Joint stereo is a method to save some bandwidth by encoding certain parts of the spectrum in mono (i.e. only once) for which the human ear has no directional hearing. These are very low and very high tones.
The bandwidth is saved by recording a wider sum channel and a narrower difference channel, where the difference channel does not contain these spectral components.
This works very well and produces excellent quality at 128 Kbit/s for most pieces of music. The Fraunhofer codecs, for example, use this method.
However, there is one drawback. Some music contains sounds that are deliberately delayed or phase shifted. Such effect boxes are called "flanger", "phaser" and the like. If you encode such music in joint stereo, you will have bad cancelling effects where the high tones appear and disappear all the time, destroying the good original sound. One old example is the accompanying guitar in Paul Simon's "Mrs. Robinson".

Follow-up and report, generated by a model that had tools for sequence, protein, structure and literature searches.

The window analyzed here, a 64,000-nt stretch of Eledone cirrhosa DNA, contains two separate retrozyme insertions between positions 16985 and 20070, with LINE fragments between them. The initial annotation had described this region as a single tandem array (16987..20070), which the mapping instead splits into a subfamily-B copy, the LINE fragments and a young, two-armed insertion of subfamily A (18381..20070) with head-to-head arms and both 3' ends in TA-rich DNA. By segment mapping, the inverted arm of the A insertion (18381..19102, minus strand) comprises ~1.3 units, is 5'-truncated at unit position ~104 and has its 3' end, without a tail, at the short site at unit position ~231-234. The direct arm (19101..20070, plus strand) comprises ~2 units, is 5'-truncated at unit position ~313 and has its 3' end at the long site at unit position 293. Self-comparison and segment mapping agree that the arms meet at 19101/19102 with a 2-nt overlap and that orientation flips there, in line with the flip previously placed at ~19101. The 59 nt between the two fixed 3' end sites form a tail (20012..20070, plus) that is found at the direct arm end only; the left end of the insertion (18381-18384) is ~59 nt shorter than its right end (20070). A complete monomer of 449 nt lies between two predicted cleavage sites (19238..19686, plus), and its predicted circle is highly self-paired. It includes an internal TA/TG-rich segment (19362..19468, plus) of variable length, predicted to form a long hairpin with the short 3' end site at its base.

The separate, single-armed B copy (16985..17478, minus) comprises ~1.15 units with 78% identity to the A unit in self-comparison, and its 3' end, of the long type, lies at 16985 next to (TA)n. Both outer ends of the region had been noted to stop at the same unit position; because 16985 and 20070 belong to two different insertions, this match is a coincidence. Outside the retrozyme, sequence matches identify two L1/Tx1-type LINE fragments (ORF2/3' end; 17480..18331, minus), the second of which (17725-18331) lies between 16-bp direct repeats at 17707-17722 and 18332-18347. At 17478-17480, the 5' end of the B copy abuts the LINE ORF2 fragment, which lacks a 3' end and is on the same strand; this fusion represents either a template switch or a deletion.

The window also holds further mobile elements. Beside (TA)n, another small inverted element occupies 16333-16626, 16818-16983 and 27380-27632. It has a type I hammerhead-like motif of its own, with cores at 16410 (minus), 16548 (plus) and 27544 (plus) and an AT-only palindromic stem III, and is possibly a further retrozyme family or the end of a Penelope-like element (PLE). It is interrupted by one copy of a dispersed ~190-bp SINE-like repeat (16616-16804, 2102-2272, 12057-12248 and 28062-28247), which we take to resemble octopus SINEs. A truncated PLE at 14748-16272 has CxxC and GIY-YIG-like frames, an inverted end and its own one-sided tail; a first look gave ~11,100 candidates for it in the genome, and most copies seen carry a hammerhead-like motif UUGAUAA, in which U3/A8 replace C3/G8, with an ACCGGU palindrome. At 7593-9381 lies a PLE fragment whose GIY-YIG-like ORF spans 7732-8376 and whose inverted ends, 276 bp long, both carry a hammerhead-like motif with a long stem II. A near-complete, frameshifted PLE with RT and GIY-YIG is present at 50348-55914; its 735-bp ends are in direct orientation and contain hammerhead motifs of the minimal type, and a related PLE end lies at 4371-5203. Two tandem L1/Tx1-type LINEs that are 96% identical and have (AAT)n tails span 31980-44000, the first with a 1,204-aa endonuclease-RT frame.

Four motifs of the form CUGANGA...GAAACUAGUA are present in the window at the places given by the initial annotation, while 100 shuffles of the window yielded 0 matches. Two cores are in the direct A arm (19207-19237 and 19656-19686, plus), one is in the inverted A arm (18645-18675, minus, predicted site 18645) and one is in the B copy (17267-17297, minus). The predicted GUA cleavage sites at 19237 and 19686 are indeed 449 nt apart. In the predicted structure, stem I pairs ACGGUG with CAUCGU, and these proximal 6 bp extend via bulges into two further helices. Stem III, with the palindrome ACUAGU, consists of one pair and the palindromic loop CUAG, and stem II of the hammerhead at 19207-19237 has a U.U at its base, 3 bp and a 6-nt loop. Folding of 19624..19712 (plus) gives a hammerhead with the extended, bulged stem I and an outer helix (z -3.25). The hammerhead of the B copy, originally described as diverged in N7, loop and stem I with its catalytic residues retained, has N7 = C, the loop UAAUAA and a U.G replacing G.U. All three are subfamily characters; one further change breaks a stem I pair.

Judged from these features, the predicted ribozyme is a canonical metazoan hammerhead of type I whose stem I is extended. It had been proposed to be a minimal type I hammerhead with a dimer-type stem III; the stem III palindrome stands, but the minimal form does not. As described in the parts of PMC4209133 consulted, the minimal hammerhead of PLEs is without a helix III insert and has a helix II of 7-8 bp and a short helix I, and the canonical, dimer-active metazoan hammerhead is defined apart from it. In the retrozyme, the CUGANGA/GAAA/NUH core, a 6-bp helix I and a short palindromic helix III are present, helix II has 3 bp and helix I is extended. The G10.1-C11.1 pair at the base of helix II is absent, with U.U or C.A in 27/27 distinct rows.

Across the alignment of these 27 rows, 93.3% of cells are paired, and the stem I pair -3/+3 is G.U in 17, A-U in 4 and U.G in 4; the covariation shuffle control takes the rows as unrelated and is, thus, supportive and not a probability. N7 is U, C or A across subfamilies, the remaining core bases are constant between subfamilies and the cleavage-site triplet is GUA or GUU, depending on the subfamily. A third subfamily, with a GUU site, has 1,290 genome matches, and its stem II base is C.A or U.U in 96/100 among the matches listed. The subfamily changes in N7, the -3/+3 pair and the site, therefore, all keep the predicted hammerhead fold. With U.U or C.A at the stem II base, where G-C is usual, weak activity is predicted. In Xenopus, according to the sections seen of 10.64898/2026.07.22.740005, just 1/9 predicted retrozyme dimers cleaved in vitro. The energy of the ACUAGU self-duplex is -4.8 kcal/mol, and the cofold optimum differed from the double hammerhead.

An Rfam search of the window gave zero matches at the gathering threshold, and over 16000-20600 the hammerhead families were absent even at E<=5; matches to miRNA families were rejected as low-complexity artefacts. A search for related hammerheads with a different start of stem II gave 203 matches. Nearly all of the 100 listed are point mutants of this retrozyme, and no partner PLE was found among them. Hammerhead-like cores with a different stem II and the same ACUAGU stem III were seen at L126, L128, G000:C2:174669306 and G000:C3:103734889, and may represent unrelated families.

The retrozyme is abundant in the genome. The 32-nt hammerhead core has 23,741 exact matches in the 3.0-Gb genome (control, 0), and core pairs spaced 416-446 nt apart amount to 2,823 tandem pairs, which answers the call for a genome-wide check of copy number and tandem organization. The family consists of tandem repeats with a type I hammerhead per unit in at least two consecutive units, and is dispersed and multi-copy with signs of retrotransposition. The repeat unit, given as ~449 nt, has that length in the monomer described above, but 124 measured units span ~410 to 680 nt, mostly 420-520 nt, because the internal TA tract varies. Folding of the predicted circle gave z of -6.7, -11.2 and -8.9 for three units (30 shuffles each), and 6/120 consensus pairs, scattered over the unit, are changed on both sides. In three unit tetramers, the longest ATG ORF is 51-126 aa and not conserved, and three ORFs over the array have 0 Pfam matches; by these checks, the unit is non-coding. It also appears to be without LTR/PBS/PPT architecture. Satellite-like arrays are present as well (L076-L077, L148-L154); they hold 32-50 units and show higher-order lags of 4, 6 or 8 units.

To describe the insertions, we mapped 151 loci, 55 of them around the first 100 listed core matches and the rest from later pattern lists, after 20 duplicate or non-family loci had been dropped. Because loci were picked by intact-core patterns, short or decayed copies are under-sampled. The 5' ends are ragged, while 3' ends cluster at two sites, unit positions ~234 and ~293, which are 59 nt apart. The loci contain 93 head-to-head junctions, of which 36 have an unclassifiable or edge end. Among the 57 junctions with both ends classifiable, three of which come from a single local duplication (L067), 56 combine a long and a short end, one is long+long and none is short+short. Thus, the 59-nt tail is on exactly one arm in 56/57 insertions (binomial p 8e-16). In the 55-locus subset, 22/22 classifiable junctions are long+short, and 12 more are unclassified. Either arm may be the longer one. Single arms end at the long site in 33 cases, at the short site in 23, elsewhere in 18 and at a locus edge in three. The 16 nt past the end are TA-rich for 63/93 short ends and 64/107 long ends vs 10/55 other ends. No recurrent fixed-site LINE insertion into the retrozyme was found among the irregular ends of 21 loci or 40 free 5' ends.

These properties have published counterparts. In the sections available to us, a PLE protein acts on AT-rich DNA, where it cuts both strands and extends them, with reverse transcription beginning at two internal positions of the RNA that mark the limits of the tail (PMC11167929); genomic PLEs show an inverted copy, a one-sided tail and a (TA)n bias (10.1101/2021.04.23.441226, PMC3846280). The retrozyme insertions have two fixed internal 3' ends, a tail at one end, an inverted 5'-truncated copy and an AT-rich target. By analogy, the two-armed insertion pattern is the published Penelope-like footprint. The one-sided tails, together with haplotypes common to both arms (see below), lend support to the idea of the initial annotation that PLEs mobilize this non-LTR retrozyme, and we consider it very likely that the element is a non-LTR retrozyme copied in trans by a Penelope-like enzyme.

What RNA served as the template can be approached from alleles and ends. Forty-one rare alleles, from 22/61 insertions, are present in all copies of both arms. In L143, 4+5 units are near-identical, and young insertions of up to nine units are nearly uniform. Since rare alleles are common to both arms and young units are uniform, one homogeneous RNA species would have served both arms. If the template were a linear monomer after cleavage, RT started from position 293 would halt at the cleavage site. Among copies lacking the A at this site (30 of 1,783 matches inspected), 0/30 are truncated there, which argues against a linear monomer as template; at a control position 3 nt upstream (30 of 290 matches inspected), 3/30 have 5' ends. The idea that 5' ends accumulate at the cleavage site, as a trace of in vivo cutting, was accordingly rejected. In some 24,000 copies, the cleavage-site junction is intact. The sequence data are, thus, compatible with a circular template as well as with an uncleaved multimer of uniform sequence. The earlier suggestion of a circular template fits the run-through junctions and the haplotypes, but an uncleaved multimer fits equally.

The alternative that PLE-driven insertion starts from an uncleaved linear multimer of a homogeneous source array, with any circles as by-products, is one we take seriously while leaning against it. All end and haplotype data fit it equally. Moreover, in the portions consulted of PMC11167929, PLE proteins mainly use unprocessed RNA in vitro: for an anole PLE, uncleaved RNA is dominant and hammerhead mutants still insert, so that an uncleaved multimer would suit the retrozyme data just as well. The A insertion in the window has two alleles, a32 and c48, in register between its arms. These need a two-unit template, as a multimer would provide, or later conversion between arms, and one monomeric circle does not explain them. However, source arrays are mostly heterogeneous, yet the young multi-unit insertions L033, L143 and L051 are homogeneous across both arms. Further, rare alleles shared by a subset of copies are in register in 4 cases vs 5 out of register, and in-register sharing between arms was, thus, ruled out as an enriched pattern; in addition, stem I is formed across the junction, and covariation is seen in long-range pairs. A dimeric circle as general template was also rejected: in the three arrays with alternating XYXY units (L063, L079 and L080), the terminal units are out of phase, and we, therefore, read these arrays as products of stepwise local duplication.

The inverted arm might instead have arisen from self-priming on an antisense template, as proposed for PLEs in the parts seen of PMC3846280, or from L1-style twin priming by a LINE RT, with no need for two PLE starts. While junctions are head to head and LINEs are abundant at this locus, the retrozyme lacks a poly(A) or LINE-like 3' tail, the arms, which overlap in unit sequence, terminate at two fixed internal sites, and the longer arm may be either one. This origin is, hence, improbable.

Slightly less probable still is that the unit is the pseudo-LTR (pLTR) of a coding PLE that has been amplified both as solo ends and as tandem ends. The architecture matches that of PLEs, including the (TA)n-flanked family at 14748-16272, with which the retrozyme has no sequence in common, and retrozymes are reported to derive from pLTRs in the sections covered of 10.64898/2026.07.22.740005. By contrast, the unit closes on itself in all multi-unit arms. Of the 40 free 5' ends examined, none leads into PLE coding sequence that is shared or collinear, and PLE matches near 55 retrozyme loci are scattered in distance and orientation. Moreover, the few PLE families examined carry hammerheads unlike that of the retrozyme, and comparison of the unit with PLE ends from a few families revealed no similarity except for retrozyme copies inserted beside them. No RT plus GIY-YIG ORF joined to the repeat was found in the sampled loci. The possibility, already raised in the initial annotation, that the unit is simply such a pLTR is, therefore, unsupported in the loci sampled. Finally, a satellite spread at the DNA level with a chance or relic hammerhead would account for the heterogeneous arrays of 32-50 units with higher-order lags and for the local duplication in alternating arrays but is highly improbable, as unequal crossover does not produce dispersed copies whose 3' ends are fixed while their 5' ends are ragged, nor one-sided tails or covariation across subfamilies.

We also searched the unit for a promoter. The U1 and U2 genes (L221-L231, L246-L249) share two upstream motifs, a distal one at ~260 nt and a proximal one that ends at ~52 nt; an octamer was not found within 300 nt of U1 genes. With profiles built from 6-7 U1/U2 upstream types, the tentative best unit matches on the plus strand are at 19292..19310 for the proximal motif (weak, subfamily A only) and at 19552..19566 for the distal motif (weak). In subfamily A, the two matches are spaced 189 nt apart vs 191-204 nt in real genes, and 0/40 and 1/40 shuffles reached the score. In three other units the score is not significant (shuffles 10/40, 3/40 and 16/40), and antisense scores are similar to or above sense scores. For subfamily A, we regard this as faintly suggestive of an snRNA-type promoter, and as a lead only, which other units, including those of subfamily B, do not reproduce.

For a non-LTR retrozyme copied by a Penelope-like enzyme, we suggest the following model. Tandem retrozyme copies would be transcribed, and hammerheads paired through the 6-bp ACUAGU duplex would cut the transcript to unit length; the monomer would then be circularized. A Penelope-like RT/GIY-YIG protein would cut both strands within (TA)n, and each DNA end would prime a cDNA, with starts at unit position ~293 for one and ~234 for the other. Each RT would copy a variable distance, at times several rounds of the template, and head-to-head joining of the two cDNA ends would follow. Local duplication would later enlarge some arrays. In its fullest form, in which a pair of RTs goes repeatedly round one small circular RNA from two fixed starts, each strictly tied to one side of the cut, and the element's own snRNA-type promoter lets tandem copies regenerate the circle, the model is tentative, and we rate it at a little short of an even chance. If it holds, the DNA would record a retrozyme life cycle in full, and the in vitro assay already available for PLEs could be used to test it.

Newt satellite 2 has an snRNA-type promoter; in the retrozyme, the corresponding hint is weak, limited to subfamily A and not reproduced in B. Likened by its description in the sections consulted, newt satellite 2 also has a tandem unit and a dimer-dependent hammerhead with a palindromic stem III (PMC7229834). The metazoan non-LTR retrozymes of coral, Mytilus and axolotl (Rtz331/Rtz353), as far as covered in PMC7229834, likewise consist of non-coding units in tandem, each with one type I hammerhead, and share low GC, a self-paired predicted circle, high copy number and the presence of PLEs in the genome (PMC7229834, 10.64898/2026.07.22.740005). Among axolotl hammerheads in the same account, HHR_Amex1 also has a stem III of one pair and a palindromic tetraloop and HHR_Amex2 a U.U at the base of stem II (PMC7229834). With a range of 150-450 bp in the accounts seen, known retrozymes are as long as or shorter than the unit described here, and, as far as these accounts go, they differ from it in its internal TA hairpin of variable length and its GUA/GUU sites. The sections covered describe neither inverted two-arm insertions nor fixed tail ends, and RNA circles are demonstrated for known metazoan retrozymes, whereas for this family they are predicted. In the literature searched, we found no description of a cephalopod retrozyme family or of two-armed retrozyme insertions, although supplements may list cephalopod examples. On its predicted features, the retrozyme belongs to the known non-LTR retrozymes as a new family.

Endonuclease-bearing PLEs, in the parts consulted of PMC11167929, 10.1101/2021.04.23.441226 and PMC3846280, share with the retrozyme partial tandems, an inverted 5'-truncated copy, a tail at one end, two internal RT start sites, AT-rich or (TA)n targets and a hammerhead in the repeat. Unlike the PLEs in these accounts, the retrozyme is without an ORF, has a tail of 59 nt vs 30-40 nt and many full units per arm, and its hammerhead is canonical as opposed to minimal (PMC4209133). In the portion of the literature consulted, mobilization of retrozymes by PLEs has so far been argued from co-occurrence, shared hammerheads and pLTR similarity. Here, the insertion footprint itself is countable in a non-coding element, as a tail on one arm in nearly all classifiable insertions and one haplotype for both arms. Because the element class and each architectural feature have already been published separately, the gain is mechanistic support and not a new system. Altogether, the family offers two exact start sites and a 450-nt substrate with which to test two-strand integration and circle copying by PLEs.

Other encoders, like Lame or BladeEnc, record both stereo channels entirely separately. They are free of these distortions. However, to reach the same overall quality, they need some more bits, i.e. at least 160 Kbit/s.
Thus you could try Fraunhofer at 128 Kbit/s first, then listen for any distortions and, if you hear any, abandon the compressed music and compress again with Lame or BladeEnc at 160 Kbit/s or more. But, as memory becomes ever cheaper, you might as well use Lame or any other good encoder with separate stereo and variable bit rate encoding from the start.
Another way out of the dilemma is to use MPEG-4 AAC, which simply has a better compression algorithm and reliably produces excellent quality at 128 Kbit/s or even at 96.
To state that "joint stereo" is better than "Stereo" is false, it's not. Many times it may save space by making certain parts "mono" (i.e. changing it and assume you cannot hear the difference) but to say that it is better is ignorant.